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Central Valley | Environment & Forest Defense | Government & Elections | Health, Housing, and Public Services | Racial Justice
U.S. Forest Service still refuses to fully protect Winnemem Wintu coming of age ceremonies
The U.S. Forest Service has partly given in to the requests from the Winnemem Wintu Tribe to protect their coming of age ceremonies for their young women. Yet the coming of age ceremonies are still subject to intrusion from hostile people and gawkers.
June 26, 2012
The Honorable Ken Salazar
U.S. Department of the Interior, Office of the Secretary
1849 C Street NW
Washington, DC 20240
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re: U.S. Forest Service refuses to protect coming of age ceremonies for Winnemem Wintu Tribe's young women
Dear Secretary Salazar:
I am writing to plead with you to require the U.S. Forest Service to close off the ceremonial grounds where the Winnemem Wintu Tribe will soon be holding their coming of age ceremonies for their young women next to the McCloud River. This is imperative because their coming of age ceremonies, to my understanding, will take place within the next week.
The U.S. Forest Service has agreed to close the McCloud river to hostile boaters along the ceremonial grounds, but this still leaves the ceremonial grounds open to disruption by hostile people and gawkers. Please view this video interview of Winnemem Wintu Chief and spiritual leader Caleen Sisk:
Why won't the U.S. government protect the religious rights of the Winnemem Wintu people? The Winnemem Wintu are not asking for much. Why won't the U.S. government allow the Winnemem Wintu to pass on their traditional culture uninterrupted by hostile people and gawkers — why is the U.S. government disrespecting the Winnemem Wintu religion?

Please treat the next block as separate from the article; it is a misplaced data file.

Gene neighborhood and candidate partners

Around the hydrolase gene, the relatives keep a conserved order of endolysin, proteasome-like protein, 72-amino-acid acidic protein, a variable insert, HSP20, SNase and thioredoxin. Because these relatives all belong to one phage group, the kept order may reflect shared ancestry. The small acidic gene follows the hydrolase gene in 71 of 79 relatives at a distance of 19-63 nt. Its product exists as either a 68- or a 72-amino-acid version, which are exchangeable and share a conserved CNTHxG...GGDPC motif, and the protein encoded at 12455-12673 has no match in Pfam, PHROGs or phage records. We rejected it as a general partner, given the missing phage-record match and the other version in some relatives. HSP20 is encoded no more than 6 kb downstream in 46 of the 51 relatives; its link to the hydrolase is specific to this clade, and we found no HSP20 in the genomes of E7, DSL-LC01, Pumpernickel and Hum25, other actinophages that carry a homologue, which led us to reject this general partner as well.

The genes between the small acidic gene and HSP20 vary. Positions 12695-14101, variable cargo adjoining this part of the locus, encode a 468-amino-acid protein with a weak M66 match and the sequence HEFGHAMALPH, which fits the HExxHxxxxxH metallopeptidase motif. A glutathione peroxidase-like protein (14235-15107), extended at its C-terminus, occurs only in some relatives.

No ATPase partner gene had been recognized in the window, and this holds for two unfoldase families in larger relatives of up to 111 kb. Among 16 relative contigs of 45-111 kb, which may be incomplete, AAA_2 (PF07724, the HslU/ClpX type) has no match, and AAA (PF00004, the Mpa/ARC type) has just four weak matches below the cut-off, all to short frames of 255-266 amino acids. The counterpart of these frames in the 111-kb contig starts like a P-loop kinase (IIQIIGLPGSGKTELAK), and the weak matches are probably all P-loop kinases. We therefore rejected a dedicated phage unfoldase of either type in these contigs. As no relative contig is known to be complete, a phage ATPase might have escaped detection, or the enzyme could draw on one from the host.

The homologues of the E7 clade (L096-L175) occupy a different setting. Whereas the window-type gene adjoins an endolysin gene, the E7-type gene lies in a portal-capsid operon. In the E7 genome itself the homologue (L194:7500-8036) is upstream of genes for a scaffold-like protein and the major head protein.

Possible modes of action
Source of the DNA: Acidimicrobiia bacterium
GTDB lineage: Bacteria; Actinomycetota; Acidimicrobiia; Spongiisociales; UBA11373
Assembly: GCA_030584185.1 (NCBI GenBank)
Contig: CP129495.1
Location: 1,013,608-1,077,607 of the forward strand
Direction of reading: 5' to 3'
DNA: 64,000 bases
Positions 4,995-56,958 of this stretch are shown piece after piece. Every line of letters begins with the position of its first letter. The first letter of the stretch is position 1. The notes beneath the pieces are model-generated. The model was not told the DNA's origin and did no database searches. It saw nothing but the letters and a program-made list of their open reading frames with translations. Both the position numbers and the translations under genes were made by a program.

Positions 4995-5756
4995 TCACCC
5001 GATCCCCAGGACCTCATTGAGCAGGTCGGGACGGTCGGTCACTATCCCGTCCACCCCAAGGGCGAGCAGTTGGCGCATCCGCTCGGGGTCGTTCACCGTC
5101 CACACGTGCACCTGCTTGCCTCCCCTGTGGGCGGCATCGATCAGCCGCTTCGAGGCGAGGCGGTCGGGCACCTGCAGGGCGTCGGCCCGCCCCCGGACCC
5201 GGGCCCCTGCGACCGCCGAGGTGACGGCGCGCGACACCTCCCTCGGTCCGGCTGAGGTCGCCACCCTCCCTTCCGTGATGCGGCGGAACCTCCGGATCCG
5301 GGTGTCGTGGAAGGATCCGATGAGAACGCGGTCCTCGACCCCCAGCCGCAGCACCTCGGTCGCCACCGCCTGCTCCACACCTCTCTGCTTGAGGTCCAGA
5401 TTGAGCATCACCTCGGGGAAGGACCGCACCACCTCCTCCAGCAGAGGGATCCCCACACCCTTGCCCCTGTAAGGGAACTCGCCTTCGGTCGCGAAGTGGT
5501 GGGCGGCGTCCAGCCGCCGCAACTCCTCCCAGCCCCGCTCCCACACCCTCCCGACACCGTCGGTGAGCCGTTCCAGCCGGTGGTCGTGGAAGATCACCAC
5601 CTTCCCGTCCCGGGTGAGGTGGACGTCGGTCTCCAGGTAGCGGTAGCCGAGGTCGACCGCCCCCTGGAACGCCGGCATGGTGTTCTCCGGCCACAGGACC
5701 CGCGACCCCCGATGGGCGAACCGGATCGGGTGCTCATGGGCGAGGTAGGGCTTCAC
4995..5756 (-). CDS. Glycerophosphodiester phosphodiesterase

The U.S. government doesn't treat Christians, Jews, Hindus, Buddhists and Muslims like this. Why won't the U.S. government protect the religious rights of the Winnemem Wintu like they do for Christians, Jews, Hindus, Buddhists and Muslims?
If the U.S. Forest Service can finally close down the McCloud River for supposed health and safety issues, then why can't they extend this to the ceremonial grounds for the Winnemem Wintu Tribe's coming of age ceremonies for their young women — why should the Winnemem Wintu's sacred religious ceremonies be subject to hostile persons and gawkers (who might disrupt these ceremonies ruining their integrity)?
It would be tragic if the Winnemem Wintu's culture is extinguished because the U.S. Forest Service refuses to protect the Winnemem Wintu Tribe's ceremonial grounds from unwelcome intrusion, causing their cultural genocide. It saddens me that the Winnemem Wintu have had to advocate unsuccessfully for such a long time to gain meager accommodations from the U.S. Forest Service.
Is the U.S. government so blatantly callous that it will open up the sacred religious ceremonies of the Winnemem Wintu and their young women to hostile people and gawkers, ruining the sacred nature of these rites?
Thank you for your thoughtful consideration of this request.
John E. Colby, Ph.D.
email: colby [at] docktorcat.com
849 Almar Avenue, Suite C–242
Santa Cruz, CA 95060
Is every caller to the Forest Service about the Winnemem Wintu getting courtesy call updates to answer their questions? They're doing it for me. The confirmed that if the BIA recognized the Winnemem Wintu as a tribe that the Forest Service could fully protect them, including their ceremonial grounds.